Past Continuous

We use the past continuous tense (also known as the past progressive) to talk about actions in the past that lasted for some time.

It is formed by using was/were + present participle.


Subject Simple past tense of

“to be”

Present Participle
I/he/she/it/Maggie was talking.
They/we/you/you all were talking.


Note: Stative Verbs

Some verbs, called “stative” or “non-continuous” verbs, can’t be used in continuous tenses. Others can be used in continuous tenses, but their meaning changes. Make sure you understand the difference between stative and non-stative verbs while using past continuous and all continuous tenses. You can find more information here.

When to use the Past Continuous Tense

An Interrupted Continuous Action

When one activity in the past is interrupted by another activity, we use past continuous for the original activity and past simple for the interrupting activity.

  • I was cooking when you called.
  • John was watching television when the power went off.
  • I was doing my homework when I realized I was doing the wrong assignment.
  • You weren’t listening when I told you I had plans tonight.

A Specific Time as an Interruption

You can also use the past continuous when the “interruption” is a specific time. In this case, the original action started before the specific time, and continues after it.

  • I was still working at 8:00 pm last night.
  • Elaine was living in Paris this time last year.

Note: If you use the simple past with a specific time, it means that the action started at that time. If you use past continuous, the action is continuing during the specific time.

  • I ate breakfast at 8:00 am. (Meaning: I started eating breakfast at 8:00 am.)
  • I was eating breakfast at 8:00 am. (Meaning: At 8:00 am, I was already eating breakfast, and I continued eating it.)  

Setting the Background or Atmosphere

In narratives, the past continuous tense often sets the scene or the mood for further events, which happen in the simple past. 

  • When I walked into the daycare, children were running around the hallways and jumping from desk to desk. One little girl was cutting a boy’s hair, and several children were crying loudly while eating birthday cake with their hands. I knew I didn’t want to work there.  
  • Rain clouds were gathering in the sky, and thunder was rumbling to the East. The storm would be here soon, so I closed all the windows.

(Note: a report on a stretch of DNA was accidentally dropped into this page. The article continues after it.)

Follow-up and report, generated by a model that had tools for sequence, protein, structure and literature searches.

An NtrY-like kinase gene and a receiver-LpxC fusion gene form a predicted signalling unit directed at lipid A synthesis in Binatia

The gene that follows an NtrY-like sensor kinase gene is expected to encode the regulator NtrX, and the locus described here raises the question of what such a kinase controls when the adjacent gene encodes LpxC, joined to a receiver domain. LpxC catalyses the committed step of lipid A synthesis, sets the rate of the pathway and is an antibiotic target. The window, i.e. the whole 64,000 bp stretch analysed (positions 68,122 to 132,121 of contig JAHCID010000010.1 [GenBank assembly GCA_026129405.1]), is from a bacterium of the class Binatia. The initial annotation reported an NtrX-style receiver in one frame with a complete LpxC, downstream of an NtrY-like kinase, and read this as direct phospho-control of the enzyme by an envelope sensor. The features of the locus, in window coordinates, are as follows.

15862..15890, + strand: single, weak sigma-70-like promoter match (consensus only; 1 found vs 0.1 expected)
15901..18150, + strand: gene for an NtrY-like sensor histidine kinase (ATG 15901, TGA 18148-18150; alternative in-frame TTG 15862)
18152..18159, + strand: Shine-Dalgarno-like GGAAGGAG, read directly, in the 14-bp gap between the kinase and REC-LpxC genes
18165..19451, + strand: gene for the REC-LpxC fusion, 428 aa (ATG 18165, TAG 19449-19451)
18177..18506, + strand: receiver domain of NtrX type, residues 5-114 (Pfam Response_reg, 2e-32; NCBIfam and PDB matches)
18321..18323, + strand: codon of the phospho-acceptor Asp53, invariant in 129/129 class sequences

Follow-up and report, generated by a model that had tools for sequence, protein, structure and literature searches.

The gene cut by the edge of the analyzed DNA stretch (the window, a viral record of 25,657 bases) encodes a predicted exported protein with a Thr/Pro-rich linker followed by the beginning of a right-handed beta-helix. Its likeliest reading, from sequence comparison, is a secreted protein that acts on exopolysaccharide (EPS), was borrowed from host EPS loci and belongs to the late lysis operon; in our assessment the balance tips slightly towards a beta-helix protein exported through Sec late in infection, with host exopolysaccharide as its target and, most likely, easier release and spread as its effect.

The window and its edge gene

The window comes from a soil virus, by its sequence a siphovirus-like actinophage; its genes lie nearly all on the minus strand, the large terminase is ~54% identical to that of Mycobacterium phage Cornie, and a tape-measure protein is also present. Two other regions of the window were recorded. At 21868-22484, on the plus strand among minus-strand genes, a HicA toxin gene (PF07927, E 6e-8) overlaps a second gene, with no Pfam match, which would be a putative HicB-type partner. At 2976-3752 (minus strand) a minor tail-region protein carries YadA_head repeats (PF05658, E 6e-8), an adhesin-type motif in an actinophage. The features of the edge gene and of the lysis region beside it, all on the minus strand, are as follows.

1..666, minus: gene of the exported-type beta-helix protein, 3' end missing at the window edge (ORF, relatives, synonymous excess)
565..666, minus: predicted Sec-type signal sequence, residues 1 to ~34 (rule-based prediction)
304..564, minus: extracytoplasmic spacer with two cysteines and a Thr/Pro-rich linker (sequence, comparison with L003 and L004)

Two Actions Happening at the Same Time

You can use past continuous to talk about two ongoing actions happening simultaneously.

  • He was washing dishes and I was drying them.
  • The kids were playing in the yard while the adults were talking on the front porch.

Annoying or Repeated Actions in the Past, often with “Always”

To emphasize the repetitiveness of an action (and how the repetitiveness annoys you), use the past continuous tense with an adverb of frequency, usually “always.”

  • Mark was always complaining that he didn’t have a girlfriend.
  • The little girl was always losing her mittens until her mother sewed them onto the sleeves of her jacket.

Negative Statements

The negative of past continuous is very simple –- just add “not” between the “to be” verb and the present participle:

  • Amanda wasn’t driving that night.
  • The kids were not lying when they said they saw a dog on rollerskates.
  • You weren’t drinking last night, were you?

Question Forms

Information Questions about the Subject:

To make a question about the subject of a sentence, use a question word as the subject. the form is: question word + “was/were” + main verb (present participle) + rest of sentence:

  • ??? was riding a horse. –>
  • Who was riding a horse?  
  • ??? people were playing football. –>
  • How many people were playing football?
  • ???’s child was eating carrot sticks. –>
  • Whose child was eating carrot sticks?

Questions about the Verb or Words after the Verb

To make a yes/no question about the verb or words after the verb, put the “to be” verb in front of the subject:

  • Were you listening?
  • Was he talking?
  • Was Andy playing basketball?

To make an open-ended question about the verb or words after the verb, put a question word (who, what, where, when, why, how) before the “to be” verb in front of the subject:

  • What were you listening to?
  • Who was he talking to?
  • Where was Andy playing basketball?